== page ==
Singularities at solder joint interfaces and their effects on fracture models

Part I

Dhruv Bhate, G. Subbarayan, L. Nguyen, J. Zhao

Research output: Chapter in Book/Report/Conference proceedingConference contribution

4 Citations (Scopus)

Abstract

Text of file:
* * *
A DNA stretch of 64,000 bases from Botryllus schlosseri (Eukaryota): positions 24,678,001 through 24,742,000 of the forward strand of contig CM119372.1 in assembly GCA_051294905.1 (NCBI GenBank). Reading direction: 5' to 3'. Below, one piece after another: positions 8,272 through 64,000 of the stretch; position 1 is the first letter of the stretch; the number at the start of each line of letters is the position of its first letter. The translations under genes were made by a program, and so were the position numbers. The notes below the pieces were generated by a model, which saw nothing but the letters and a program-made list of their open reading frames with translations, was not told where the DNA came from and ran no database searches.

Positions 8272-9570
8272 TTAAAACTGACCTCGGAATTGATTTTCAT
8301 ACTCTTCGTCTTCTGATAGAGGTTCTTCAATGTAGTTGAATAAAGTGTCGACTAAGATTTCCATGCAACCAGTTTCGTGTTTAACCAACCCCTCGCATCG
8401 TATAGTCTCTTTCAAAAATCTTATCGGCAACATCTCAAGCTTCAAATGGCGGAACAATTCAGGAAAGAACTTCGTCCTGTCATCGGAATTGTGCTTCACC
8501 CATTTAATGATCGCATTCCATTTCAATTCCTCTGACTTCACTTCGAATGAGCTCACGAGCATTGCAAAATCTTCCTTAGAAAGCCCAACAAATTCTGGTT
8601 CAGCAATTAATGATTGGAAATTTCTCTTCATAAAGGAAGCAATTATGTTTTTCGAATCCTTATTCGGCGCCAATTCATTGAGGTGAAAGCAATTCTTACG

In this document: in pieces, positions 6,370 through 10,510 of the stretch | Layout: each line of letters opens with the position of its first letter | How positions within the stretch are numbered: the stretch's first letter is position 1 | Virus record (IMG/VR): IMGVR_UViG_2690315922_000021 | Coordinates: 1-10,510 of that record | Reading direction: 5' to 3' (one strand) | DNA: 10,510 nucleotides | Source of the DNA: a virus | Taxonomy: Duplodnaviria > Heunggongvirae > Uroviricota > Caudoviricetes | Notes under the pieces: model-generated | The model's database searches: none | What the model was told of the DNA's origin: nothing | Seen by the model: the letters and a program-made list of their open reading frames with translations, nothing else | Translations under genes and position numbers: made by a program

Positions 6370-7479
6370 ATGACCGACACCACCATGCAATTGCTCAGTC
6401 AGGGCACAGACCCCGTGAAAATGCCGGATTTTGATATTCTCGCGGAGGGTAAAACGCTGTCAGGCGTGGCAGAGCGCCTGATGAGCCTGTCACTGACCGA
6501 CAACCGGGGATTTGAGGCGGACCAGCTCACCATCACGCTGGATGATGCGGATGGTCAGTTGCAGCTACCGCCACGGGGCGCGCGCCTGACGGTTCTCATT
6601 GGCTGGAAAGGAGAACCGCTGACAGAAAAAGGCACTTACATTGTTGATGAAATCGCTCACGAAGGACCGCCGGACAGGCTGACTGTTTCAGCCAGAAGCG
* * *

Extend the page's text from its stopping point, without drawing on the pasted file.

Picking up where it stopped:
The problem of solder joint fatigue is essentially one of fatigue crack growth. However, little work has been done that enables fatigue life predictions by means of tracking the crack front and its growth. Most popular fatigue life models are empirical and therefore, limited in their applicability and in the insight they provide. Analytical fracture mechanics approaches such as the Paris Law and the J-Integral are of questionable validity due to the fact that several assumptions made in these approaches are not appropriate in the context of solder joint fatigue. Failure in solder joints involves large plastic deformation in a viscoplastic material along with crack growth which is not self-similar and is significantly large relative to the size of the joint. Accurate descriptions of crack growth in solder joints can thus be obtained only by means of an approach that includes (a) the complete constitutive behavior of solder and (b) a non-empirical failure model that does not make the limiting assumptions of small cracks or self-similar crack growth. One such promising approach is the hybrid damage modeling approach, which is inspired by cohesive zone modeling and Weibull functions [1]. In this study, we focus on investigating the nature of the stress and strain behavior in solder joints and its effect on the hybrid model. We review well understood principles in elastic-plastic fracture mechanics and more recent work in cohesive zone modeling, that address the nature of the singular solutions at the crack tip and provide insight when dealing with the more complex problem of solder joint fracture. Using three dimensional finite element analysis of a chip scale package (CSP), we systematically examined the stress-strain behavior at the edge of the solder joint along the interface. The singular nature of the behavior manifests itself as mesh dependence of the predicted crack front shape and the cycles to failure. We discuss the conditions under which the predicted crack growth rate is of reasonable accuracy, by incorporation of a characteristic length measure. We validate predictions made by the hybrid damage modeling approach against a companion experimental study in which crack growth was tracked in packages subjected to accelerated thermal cycling. In the first part, presented here, we study the effects of choice of constitutive model (elasticity, deformation and incremental plasticity and creep) and finite deformation on the nature of the singularity at the crack tip and the resulting mesh sensitivity. We use a conventional crack-in-plate analysis to first study the effects and then investigate similar effects in the more complex problem of a solder joint. In the second part, a characteristic length is introduced in an attempt to mitigate the mesh dependence, and shown to improve results for the predictions of crack growth in both, the crack-in-plate and the solder joint models.